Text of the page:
Network security _ Cryptography

Document Sample
Network security _ Cryptography Powered By Docstoc
					                      Table of contents
  1. Abstract……………………………………………………………..………..1
  2. Introduction to networking…………………………………………………1
         What is a network……………………………………………………..1
         The ISO/OSI reference model………………………………………...1
         Some Popular Networks………………………………………………..…..2
         The Internet……………………………………………………………..…..3
  3. Types And Sources Of Network Threats…………………………………………..4
         Denial-of-service………………………………………………………….…4
         Unauthorized access………………………………………………………...4
         Executing Commands Illicitly……………………………………………….5
         Confidentiality Breaches…………………………………………………….5
         Destructive Behavior………………………………………………………...5
         Data Diddling………………………………………………………………..5
         Data Destruction…………………………………………………………….5

4.What is cryptography?…………………………………………………………………...6
5.Types of cryptography…………………………………………………………………….6
             Secret key Cryptography…………………………..………………………..6
             Public key cryptography…………………………………………………….7

6.Basics of e-security……………………………………………………………………..…7

7.The RSA algorithm…………………………………………………………………….…8

8.Introduction to PKCS…………………………………………………………………….8

           Digital Certificates:…………………………………………………..……..9
           Key Agreement………………………………………………………..……9

9.Password Based Encryption………………………………….…………………………..9

10.Why do we need salt?…………………………………………………………………..10

11.Pseudo Random Number Generators…………………………………………..…….10

12.Digital signatures & digital envelops…………………………………………………..11

           Digital Signatures………………………………………………………….11
           Digital Envelopes………………………………………………………….12

13.Conclusion……………………………………………………………………..………..13

14.References………………………………………………………………………………..13
                                       Network Security


Abstract:


This paper helps to know the networking concept, by explaining the concepts. Some history of

networking is included, as well as an introduction to TCP/IP and internetworking. It goes on to

consider risk management; network threats and more special-purpose secure networking devices.

It also explains cryptography, types of cryptography and their advantages. Some advantages and

disadvantages of different types of cryptography are also included. It also explains how

cryptography is closely tied with network security and the RSA algorithm. It also explains PKCS

cryptography and different types of PKCS cryptography used in network security.


Introduction to Networking:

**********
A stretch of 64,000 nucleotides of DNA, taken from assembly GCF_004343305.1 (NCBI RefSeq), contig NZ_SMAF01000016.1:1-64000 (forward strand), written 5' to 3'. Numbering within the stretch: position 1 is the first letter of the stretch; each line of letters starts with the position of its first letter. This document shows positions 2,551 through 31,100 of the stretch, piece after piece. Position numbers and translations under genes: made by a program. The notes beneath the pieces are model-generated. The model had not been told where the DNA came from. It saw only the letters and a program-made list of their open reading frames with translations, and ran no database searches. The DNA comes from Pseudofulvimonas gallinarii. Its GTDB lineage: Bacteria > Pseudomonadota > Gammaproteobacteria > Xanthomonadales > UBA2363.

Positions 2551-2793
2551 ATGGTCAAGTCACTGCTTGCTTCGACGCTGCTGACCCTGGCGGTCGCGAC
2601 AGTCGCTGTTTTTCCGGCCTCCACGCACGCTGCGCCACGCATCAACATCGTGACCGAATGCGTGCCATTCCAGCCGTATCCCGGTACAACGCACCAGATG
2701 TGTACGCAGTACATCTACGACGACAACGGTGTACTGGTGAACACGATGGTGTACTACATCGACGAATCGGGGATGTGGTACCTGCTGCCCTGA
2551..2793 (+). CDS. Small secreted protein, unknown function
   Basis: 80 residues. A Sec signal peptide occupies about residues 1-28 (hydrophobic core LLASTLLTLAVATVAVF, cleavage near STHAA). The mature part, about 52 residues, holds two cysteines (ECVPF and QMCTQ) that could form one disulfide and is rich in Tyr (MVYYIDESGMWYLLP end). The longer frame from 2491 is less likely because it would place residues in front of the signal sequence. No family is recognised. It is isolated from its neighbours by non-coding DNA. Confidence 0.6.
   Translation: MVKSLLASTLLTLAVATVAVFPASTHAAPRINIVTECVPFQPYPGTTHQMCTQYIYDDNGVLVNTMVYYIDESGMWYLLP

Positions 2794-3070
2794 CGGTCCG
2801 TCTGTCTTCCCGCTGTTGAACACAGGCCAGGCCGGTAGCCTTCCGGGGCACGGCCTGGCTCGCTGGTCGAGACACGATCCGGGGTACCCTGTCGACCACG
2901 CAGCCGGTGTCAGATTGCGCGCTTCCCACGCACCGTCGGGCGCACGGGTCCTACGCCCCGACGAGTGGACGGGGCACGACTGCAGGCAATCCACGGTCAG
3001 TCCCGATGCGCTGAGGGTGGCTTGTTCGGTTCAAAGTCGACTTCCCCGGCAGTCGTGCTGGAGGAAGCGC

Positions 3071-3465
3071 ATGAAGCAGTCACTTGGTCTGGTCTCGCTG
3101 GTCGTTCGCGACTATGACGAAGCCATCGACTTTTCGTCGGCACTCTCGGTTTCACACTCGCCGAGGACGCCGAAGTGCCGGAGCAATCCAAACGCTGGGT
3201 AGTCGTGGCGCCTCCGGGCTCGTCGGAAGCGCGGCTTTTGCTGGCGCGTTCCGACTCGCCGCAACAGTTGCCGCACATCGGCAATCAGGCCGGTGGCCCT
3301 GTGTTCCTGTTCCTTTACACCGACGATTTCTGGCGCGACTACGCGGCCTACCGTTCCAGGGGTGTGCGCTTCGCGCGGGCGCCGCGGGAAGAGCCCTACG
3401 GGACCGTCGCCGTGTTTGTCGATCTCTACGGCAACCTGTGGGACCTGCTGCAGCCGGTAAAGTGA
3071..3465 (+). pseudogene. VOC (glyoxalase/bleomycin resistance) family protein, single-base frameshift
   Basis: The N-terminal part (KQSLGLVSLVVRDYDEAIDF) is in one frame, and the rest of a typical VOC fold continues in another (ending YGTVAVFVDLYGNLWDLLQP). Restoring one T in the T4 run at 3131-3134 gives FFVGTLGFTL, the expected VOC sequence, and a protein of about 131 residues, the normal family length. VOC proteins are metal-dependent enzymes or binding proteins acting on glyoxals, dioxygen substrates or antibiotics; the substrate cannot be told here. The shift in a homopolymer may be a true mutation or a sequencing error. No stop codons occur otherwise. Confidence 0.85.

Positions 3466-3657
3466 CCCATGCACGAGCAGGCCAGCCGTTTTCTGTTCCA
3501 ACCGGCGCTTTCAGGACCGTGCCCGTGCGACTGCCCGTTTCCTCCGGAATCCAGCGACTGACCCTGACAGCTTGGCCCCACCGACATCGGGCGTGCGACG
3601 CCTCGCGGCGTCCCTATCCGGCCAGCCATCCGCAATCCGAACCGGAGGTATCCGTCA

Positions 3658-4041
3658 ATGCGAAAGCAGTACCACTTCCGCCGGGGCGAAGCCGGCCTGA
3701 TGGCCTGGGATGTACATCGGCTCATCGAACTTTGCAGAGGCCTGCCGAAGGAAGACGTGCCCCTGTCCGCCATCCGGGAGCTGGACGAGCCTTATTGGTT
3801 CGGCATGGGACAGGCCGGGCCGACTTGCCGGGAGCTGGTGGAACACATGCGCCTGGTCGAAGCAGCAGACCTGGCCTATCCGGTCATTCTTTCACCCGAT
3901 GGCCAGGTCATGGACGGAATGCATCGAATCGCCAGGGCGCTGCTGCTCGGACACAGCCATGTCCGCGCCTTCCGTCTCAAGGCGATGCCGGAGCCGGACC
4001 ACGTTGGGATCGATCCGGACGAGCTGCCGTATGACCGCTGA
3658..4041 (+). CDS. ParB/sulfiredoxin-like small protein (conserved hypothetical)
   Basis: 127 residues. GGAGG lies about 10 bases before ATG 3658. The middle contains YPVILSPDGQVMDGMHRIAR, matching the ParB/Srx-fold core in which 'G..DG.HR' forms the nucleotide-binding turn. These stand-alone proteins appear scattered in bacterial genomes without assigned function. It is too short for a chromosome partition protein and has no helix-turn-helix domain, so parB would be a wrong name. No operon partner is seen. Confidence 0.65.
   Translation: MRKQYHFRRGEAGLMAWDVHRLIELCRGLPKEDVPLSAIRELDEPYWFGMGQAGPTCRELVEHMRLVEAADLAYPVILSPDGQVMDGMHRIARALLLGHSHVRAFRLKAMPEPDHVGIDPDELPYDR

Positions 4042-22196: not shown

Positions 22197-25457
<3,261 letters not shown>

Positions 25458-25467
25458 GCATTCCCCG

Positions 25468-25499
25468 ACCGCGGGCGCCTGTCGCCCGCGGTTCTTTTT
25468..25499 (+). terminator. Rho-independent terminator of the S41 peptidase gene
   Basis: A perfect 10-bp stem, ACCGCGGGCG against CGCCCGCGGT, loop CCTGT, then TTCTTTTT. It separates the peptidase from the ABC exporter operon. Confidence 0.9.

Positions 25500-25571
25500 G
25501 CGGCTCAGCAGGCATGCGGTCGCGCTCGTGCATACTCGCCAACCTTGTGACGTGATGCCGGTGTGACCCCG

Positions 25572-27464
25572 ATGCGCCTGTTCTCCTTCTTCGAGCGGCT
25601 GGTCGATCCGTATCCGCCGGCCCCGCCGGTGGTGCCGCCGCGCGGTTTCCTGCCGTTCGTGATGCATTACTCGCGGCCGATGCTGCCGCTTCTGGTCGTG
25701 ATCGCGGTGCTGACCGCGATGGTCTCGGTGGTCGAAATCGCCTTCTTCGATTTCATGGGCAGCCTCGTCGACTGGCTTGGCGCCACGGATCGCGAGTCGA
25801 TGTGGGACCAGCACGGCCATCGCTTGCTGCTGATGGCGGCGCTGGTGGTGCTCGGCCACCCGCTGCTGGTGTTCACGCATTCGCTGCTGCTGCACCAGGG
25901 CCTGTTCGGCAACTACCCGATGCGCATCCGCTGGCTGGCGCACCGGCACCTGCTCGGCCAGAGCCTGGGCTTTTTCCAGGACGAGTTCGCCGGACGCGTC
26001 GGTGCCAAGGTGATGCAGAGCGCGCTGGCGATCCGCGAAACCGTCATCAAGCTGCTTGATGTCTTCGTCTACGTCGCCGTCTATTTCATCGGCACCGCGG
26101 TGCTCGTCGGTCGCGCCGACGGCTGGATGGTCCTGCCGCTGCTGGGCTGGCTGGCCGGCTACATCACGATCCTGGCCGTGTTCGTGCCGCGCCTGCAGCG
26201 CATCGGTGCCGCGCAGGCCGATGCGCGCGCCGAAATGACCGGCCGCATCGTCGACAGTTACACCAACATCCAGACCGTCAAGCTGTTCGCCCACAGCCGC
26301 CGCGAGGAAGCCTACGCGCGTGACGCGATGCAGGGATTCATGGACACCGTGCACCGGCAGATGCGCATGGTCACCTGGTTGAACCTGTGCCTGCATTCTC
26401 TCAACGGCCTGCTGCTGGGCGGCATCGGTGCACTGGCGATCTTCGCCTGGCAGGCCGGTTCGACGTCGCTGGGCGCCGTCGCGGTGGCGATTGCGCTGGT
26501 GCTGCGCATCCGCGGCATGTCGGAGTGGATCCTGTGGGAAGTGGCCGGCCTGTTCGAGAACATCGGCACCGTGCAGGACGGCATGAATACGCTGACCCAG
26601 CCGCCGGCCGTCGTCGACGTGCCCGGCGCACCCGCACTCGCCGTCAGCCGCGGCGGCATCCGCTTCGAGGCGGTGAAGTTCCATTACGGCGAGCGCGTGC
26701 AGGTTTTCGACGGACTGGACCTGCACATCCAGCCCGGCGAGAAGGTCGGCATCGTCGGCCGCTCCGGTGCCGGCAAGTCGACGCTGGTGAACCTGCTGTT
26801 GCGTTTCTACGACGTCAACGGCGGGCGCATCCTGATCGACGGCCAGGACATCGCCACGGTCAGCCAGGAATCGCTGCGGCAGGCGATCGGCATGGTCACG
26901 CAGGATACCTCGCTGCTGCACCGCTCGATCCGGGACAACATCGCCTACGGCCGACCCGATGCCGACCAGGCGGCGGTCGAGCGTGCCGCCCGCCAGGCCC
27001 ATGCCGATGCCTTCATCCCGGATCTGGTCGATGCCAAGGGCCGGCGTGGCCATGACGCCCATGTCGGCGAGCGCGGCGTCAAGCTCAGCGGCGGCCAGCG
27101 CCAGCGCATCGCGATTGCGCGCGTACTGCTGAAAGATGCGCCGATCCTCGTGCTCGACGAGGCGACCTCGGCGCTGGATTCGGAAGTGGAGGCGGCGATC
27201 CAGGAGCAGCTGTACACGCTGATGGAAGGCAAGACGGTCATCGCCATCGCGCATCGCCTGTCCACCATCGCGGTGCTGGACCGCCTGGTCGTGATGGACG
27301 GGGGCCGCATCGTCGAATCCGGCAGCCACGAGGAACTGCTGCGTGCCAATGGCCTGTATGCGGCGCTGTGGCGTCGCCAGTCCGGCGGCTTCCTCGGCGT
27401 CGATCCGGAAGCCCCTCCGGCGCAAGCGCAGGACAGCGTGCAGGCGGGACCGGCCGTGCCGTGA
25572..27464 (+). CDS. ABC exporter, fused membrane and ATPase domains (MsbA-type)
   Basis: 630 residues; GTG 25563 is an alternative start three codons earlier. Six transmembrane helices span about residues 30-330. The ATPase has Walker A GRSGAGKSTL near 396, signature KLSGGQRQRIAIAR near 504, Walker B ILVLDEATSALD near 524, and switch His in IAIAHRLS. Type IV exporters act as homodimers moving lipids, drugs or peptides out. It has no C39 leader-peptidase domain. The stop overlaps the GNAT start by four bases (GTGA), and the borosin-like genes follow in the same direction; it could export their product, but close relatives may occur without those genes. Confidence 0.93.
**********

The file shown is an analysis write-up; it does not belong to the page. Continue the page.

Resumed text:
What is a Network?


A ``network'' has been defined as ``any set of interlinking lines resembling a net, a network of

roads or an interconnected system, a network of alliances.'' A computer network is simply a

system of interconnected computers. They may be connected in a number of ways.

            Figure 3: A Simple Local Area Network




The ISO/OSI Reference Model:


The International Standards Organization (ISO) Open Systems Interconnect (OSI) Reference

Model defines seven layers of communications types, and the interfaces among them. Each layer




                                               1
depends on the services provided by the layer below it, all the way down to the physical network

hardware, such as the computer's network interface card, and the wires that connect the cards

together.




                            Figure 1: The ISO/OSI Reference Model




Some Popular Networks:


The two main networks are UCCP and Internet, both of which are “public” networks. Anyone can

connect to either of these networks, or they can use types of networks to connect their own hosts

(computers) together, without

connecting to the public networks.

                      Figure 2: A Sample UUCP Network




                                               2
UUCP, like any other application, has security tradeoffs. Some strong points for its security is

that it is fairly limited in what it can do, and it's therefore more difficult to trick into doing

something it shouldn't. It isn't possible for someone on host E to directly make contact with host

B, and take advantage of that connection to do something naughty.


The Internet


What is the Internet?


The Internet is the world's largest network of networks. When you want to access the resources

offered by the Internet, you don't really connect to the Internet; you connect to a network that is